Exactly how long was the sermon?
Which part of the service was like being in heaven?
The singing was, as might be expected from a professional choir, outstanding. But of all the pieces they did, there was a superb rendition of a piece by Thomas Tallis that set some of the Book of Lamentations to music. Even though it was in Latin, thus rendering the lyrics incomprehensible to most, it was a thing of utter beauty.
And which part was like being in... er... the other place?
One of the highlights of any Tenebrae service should be the singing of Allegri's Miserere Mei, a Latin rendition of Psalm 51. It is a wonderful piece in multi-part harmony with some of the most extraordinary high notes from the sopranos. But the Tenebrae Choir chose not to do the Allegri setting; in fact, what they did wasn't even polyphonic. It was just two male parts singing alternate lines using what may have been a psalm tone I wasn't sure. It was dull, lifeless and a major disappointment.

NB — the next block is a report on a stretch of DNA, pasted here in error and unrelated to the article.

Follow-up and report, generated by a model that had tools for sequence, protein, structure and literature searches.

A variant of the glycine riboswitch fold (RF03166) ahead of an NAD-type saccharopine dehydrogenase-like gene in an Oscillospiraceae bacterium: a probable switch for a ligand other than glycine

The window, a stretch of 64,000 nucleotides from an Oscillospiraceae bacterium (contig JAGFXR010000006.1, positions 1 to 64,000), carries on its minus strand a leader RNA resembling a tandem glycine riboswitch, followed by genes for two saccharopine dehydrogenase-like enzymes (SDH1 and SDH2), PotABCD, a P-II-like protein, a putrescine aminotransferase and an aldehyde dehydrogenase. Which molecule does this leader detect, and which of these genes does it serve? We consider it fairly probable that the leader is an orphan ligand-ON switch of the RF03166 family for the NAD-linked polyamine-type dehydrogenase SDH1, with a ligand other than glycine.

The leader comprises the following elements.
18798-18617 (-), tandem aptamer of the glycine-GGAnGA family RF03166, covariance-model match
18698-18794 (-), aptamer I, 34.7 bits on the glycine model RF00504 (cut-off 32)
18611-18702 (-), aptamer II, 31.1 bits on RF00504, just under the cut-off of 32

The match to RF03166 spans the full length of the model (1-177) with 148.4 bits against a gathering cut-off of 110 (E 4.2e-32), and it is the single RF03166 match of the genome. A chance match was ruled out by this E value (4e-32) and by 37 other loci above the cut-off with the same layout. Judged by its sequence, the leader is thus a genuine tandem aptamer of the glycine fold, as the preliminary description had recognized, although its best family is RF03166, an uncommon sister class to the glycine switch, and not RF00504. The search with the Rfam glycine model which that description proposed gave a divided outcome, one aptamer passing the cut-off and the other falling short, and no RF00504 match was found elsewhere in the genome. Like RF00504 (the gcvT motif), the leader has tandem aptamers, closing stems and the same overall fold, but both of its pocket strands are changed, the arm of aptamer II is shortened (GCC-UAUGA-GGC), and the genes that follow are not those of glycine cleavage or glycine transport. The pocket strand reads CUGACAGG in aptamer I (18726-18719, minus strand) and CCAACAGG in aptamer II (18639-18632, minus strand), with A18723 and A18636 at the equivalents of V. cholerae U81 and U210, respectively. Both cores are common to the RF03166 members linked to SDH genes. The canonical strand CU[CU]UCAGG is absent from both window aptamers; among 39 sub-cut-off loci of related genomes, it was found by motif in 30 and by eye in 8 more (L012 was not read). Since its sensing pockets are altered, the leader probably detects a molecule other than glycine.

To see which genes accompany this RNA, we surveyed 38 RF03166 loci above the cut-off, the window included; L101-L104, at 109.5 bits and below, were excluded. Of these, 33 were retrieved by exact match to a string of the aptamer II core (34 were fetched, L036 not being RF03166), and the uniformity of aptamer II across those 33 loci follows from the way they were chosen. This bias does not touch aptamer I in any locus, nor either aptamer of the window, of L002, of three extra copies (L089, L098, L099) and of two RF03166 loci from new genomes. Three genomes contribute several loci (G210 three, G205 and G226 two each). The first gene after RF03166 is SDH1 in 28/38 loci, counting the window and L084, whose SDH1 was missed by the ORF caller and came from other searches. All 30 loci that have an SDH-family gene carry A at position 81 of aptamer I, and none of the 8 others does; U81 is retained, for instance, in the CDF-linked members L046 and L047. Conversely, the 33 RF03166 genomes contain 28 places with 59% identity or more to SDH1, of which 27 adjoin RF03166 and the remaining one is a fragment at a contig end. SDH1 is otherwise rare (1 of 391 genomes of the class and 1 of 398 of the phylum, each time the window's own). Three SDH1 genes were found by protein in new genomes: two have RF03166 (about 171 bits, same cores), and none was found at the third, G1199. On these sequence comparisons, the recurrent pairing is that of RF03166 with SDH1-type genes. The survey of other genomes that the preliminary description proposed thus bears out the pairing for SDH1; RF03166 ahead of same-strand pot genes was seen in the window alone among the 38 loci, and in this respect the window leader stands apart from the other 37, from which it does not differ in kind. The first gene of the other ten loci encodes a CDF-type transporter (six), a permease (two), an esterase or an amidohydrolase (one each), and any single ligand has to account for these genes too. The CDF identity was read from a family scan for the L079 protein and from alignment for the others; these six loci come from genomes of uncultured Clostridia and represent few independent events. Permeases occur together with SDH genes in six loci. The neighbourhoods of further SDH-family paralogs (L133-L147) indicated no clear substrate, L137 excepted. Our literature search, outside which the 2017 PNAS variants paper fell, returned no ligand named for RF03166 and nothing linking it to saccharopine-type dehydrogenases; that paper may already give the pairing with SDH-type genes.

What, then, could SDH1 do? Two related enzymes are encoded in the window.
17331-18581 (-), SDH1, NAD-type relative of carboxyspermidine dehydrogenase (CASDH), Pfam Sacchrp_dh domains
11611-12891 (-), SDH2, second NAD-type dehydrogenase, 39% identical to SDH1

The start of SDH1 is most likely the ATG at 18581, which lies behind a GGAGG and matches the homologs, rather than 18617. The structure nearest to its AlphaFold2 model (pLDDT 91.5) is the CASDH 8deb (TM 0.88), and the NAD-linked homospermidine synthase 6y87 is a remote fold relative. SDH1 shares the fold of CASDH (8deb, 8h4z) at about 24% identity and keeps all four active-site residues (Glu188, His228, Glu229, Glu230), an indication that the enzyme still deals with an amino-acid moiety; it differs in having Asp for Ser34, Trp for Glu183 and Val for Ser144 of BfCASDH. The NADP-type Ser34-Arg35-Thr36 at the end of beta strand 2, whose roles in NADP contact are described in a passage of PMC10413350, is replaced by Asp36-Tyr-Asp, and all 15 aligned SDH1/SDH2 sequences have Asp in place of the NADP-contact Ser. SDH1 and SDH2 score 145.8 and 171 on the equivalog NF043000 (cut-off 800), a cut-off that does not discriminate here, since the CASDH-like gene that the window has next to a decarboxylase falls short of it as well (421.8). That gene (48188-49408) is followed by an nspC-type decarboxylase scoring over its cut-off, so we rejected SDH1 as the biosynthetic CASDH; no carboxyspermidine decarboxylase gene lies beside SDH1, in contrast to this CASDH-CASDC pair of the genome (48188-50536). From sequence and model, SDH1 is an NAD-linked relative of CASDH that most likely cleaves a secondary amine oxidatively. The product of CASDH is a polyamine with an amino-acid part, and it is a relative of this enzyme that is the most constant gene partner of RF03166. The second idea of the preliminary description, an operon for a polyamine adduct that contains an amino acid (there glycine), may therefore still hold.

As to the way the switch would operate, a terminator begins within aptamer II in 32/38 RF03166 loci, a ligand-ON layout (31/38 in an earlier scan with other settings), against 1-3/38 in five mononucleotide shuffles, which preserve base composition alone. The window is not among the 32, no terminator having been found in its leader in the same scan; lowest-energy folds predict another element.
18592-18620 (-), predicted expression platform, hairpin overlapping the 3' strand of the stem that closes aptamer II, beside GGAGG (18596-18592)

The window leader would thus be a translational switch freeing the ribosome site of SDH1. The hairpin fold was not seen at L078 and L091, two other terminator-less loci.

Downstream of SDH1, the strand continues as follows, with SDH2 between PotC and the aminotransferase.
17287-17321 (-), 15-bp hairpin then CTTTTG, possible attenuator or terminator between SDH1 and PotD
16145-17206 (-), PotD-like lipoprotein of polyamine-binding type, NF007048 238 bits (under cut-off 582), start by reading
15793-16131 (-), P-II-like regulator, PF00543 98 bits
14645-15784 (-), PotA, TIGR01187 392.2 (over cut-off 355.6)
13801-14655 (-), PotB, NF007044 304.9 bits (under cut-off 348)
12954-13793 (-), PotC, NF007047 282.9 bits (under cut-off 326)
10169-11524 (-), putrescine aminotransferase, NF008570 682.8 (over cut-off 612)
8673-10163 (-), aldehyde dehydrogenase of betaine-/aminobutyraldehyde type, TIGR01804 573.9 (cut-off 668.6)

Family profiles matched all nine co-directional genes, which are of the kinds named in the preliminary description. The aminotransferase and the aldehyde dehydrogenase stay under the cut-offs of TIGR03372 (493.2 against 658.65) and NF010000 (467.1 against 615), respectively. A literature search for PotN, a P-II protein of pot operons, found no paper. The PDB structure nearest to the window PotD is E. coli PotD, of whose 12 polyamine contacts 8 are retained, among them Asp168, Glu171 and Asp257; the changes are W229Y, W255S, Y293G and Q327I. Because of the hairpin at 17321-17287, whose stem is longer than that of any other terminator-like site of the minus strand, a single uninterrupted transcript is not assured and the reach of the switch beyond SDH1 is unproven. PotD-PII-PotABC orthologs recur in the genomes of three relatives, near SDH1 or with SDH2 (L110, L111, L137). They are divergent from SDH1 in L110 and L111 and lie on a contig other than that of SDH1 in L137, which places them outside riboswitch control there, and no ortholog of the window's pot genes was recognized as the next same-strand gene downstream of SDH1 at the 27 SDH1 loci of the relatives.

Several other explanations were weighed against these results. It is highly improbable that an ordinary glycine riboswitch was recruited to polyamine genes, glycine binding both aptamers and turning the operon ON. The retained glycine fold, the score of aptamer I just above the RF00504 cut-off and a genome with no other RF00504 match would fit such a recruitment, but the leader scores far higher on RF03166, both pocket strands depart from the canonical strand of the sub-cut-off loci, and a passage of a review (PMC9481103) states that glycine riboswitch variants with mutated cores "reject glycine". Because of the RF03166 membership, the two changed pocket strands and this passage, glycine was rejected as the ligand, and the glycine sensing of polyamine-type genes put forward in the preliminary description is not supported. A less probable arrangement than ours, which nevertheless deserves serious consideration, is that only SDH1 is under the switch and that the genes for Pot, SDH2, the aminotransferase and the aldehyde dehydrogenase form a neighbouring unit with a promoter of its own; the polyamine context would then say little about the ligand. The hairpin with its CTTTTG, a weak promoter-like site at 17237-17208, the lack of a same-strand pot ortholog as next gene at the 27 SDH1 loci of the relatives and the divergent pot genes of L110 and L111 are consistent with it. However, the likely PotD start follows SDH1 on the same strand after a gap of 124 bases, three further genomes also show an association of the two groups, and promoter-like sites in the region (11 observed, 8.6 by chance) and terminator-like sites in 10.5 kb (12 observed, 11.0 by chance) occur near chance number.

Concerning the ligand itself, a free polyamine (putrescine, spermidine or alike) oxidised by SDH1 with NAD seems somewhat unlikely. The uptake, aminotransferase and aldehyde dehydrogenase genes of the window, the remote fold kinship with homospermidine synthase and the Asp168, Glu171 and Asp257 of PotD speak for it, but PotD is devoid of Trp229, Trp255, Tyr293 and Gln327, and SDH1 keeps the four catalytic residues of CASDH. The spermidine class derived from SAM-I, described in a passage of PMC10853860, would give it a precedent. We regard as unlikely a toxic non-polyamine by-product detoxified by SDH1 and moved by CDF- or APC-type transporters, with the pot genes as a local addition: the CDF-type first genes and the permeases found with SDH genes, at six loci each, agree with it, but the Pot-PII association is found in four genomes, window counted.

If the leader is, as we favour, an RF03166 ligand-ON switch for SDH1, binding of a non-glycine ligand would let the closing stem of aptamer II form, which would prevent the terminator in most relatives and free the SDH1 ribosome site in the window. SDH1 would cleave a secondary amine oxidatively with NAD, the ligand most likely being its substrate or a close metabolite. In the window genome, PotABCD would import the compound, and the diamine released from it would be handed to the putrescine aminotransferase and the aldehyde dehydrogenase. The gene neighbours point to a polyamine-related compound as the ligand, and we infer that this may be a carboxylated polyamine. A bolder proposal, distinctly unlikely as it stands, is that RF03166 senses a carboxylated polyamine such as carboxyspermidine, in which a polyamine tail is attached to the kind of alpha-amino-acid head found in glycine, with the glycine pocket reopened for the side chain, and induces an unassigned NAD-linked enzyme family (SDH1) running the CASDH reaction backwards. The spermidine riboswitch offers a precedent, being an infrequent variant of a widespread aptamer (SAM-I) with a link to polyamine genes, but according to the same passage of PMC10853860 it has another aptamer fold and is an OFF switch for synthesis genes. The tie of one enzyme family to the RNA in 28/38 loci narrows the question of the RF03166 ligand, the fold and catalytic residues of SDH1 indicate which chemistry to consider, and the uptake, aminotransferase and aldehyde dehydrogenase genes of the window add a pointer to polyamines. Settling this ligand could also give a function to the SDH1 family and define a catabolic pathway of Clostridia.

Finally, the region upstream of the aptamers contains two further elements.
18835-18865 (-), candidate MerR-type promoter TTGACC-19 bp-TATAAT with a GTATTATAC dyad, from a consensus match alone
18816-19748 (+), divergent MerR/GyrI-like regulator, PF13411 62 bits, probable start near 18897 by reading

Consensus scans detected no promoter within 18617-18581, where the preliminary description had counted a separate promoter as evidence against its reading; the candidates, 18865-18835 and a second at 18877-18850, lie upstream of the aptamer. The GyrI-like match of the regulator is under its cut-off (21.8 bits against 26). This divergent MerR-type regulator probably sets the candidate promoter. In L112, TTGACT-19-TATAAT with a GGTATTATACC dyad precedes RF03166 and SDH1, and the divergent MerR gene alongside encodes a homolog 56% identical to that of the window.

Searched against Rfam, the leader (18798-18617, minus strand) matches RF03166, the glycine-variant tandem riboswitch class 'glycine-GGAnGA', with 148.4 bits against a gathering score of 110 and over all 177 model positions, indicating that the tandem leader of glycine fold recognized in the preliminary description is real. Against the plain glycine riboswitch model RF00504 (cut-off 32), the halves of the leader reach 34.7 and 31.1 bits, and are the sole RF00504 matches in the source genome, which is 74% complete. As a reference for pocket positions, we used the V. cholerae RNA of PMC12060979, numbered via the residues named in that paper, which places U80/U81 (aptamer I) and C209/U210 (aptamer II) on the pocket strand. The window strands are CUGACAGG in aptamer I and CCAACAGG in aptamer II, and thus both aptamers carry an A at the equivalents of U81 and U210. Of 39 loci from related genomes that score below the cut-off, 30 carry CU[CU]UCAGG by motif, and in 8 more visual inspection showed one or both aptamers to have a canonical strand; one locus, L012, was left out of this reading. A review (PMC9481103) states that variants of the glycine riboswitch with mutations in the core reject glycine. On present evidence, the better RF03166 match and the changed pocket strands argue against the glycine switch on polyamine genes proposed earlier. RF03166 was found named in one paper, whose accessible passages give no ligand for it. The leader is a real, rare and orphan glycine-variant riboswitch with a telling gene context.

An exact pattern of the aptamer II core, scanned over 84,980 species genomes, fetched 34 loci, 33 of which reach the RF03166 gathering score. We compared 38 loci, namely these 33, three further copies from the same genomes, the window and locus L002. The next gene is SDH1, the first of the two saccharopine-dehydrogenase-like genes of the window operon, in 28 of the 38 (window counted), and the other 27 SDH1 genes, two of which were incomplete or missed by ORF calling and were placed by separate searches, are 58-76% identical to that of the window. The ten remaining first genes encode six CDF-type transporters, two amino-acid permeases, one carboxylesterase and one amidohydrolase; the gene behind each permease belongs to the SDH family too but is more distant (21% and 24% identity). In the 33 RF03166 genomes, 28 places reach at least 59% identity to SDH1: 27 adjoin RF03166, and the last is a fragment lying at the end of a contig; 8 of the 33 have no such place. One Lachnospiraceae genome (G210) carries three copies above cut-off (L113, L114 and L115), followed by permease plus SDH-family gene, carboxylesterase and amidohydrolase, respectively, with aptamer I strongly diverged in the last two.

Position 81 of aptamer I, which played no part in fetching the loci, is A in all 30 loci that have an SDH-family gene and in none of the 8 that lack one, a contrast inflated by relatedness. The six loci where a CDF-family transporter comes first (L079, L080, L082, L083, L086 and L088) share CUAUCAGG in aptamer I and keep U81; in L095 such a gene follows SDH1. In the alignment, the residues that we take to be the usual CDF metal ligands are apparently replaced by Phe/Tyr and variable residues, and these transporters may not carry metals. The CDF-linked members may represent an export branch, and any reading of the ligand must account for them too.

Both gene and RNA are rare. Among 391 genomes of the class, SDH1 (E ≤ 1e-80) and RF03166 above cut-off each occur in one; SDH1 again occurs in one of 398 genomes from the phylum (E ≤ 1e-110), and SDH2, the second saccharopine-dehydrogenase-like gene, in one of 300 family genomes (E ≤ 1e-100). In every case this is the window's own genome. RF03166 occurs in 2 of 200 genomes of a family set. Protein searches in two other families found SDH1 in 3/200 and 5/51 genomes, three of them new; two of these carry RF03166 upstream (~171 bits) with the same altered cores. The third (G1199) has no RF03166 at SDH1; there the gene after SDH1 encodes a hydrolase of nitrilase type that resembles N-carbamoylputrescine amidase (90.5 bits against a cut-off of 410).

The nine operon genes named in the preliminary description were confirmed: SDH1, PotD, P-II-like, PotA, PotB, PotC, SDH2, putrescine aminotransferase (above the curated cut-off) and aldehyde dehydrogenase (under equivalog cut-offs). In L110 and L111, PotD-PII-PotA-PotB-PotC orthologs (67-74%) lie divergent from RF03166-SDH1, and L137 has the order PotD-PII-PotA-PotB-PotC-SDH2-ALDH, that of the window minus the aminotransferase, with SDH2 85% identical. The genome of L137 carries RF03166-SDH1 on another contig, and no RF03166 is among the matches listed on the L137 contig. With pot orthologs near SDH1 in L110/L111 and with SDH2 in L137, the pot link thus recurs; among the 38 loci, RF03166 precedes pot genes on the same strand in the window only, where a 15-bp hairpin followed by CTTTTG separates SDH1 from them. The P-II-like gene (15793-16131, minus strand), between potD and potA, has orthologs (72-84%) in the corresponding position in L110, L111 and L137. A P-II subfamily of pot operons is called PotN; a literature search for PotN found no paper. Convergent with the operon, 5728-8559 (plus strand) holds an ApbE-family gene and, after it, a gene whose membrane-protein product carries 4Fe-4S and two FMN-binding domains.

What happened when you hung around after the service looking lost?
There was no time for that. People filed out in silence. I was one of the last ones to leave. As I descended the steps on the outside of the building, I heard the door slam shut behind me. No one hung around outside; we all dispersed into the chill springtime night.
How would you describe the after-service coffee?
There were no refreshments on offer.
How would you feel about making another visit (where 10 = ecstatic, 0 = terminal)?
N/A – As there is no regular church community here, it is impossible to say. I would, however, like to hear the Tenebrae Choir sing again.
Did the service make you feel glad to be a Christian?
What one thing will you remember about all this in seven days' time ?
The most disappointing rendition of the Miserere Mei I've ever heard.